Many of us tailor our home office spaces carefully to help us work comfortably and efficiently—I know I spent hours choosing my desk surface, rug, and other accoutrements. In this process, we often forget to take the same care of our computers. Your Mac is just as much of an “office space” as your physical office: It’s the portal via which you accomplish all of your work, so you should make the effort to configure and optimize it for productivity.
Just so you know what you’re getting yourself into, here’s what my desktop looks like:
I know: boring. But bear with me—you might thank me later.
As a professional musician, I learned not to practice while looking in the mirror too often because it takes up too much “brain juice”—our brains spend a lot of energy processing visual information. Watching myself play takes away from what actually matters: my ability to evaluate the sound I’m creating on my instrument.
Similarly, computers often present us with superfluous visuals. As knowledge workers, we don’t need as much visual feedback, which means we can reduce distracting interface elements and on-screen clutter.
Here, I’ll suggest a few apps to fill gaps in macOS’s native functionality, plus a few unconventional minimalist tweaks to supercharge your workflow.
1. Use the Focus feature
macOS Mojave introduced Focus, a way to filter your notifications. I set up a work Focus that only allows emergency contacts and Zapier colleagues to contact me during my working hours. I also have additional Focuses (Foci?) set up for practicing music, sleeping, and exercising.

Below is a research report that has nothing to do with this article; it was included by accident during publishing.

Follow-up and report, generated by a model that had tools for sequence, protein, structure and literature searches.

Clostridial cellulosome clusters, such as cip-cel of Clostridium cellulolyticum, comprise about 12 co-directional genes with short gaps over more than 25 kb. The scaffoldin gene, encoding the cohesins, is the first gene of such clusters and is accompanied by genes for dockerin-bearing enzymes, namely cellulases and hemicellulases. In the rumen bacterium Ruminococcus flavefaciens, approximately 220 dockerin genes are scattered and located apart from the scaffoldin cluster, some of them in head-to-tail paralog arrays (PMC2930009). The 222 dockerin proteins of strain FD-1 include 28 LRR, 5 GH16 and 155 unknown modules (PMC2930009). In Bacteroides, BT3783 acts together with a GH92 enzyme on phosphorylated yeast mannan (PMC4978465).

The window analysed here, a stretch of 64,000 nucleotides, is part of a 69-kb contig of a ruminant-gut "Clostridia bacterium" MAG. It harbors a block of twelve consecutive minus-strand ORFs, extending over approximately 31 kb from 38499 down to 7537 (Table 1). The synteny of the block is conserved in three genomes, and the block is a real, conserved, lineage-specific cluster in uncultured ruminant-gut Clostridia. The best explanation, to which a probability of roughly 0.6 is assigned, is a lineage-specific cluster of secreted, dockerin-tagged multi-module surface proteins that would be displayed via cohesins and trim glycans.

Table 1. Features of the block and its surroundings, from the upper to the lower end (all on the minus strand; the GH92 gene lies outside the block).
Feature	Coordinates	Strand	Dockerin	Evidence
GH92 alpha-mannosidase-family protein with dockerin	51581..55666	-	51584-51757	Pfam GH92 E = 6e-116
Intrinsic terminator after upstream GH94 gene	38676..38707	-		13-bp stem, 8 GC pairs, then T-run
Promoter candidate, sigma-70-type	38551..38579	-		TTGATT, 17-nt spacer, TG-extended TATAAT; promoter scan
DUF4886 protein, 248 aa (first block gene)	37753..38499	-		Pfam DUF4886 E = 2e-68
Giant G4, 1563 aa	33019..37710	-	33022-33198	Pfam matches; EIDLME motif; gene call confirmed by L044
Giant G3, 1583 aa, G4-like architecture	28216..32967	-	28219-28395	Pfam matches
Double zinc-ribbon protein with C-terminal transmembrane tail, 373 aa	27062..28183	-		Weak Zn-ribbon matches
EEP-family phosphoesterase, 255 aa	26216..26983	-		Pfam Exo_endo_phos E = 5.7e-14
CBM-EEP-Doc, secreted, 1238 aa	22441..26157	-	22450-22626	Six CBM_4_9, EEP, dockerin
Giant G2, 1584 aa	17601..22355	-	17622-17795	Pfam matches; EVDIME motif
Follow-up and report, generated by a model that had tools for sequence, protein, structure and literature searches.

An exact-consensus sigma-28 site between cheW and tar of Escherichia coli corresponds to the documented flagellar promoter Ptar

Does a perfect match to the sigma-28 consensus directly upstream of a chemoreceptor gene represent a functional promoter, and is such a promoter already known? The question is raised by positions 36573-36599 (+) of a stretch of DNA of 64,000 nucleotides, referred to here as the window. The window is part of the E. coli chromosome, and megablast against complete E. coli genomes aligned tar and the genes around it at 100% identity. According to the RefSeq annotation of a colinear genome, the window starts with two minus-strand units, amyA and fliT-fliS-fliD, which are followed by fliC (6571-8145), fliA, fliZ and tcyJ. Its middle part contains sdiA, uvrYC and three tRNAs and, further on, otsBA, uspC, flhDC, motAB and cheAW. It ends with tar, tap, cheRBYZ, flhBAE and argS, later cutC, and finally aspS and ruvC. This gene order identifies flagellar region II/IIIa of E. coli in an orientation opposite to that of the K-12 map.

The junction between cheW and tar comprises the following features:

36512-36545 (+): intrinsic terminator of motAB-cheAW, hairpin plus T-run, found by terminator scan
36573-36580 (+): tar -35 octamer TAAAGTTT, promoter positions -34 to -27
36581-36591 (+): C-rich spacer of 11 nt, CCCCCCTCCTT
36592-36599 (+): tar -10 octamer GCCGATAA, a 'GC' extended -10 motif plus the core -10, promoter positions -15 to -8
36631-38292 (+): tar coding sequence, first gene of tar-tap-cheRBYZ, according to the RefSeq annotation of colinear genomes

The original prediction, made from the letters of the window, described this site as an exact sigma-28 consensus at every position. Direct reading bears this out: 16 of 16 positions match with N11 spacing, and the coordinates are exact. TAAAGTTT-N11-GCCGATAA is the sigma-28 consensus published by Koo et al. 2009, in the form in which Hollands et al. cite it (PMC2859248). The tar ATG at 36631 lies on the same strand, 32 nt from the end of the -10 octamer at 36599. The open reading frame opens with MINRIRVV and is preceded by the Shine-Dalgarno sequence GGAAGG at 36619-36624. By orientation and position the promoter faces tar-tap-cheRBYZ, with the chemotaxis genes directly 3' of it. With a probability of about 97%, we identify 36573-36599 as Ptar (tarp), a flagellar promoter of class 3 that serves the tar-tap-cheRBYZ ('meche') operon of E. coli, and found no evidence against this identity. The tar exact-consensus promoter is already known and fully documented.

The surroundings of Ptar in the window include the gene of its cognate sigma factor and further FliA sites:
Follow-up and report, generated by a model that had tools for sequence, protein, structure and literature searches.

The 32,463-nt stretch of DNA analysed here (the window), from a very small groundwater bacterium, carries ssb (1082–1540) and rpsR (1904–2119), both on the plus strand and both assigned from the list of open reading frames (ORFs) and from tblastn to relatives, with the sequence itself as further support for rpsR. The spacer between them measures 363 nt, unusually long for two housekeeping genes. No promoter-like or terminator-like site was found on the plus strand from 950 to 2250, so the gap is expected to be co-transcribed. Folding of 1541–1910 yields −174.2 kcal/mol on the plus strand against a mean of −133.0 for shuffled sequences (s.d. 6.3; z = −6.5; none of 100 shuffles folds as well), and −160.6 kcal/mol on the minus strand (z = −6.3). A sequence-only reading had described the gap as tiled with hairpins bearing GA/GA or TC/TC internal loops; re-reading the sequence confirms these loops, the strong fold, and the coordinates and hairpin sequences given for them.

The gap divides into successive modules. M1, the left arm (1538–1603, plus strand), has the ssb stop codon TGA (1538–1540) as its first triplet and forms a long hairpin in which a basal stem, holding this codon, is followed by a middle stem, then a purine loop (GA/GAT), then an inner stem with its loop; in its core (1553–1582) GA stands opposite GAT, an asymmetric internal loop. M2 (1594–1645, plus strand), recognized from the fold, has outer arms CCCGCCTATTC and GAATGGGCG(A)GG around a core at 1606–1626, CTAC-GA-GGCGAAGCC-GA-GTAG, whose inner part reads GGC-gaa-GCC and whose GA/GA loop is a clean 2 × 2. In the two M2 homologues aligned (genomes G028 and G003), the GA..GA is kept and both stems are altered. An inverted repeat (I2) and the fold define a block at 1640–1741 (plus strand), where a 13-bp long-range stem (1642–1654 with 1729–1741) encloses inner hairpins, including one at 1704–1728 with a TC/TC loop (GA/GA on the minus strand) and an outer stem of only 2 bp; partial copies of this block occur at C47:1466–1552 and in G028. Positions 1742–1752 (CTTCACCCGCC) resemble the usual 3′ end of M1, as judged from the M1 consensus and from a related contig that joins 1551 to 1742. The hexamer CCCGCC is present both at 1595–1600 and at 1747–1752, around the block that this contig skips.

For those of us with an iPhone, Focuses set on your Mac will be mirrored automatically on mobile, keeping your phone notifications in check. I mention this native feature first because it’s had a profound positive impact on my concentration. It’s great to see Apple giving care to our attention spans.
2. Create separate users
Consider creating separate user accounts for personal and work computing. You can, for instance, only sign into Slack with your work user and only sign into Messages with your personal user to keep things compartmentalized. In System Preferences > Touch ID, be sure to set up a different fingerprint for each user for fast switching.
3. Use keyboard shortcuts
Mice and trackpads aren’t terribly efficient input devices if only for the fact that the repeated maneuver of relocating your hand from your keyboard to your mouse and back causes a small but measurable time-loss. This adds up!
As a Customer Champion at Zapier, I use Zendesk shortcuts all day to keep my fingers on the home row so I can focus on our customers, not my computer. There are keyboard shortcuts for Zoom, Gmail, and probably every other app you use. You can even create your own shortcuts, or take it to the next level with a tool like Keyboard Maestro.
If your pinky starts to get tired hitting command so much, you can actually swap the caps lock and command keys on your Mac’s keyboard under System Preferences > Keyboard > Modifier Keys.
4. Clean up your desktop
Consider not using your desktop—ever. Desktop environments are an imperfect solution to an age-old multitasking problem (more on this later). That’s why I recommend forgoing folders and icons on your desktop altogether. Here’s why:
Not having icons on your desktop means less visual clutter overall.
Not having icons on your desktop means you’ll need to make proper use of your home folder and sort files actively.
Not having icons on your desktop means applications don’t have to compete with other things for screen real estate.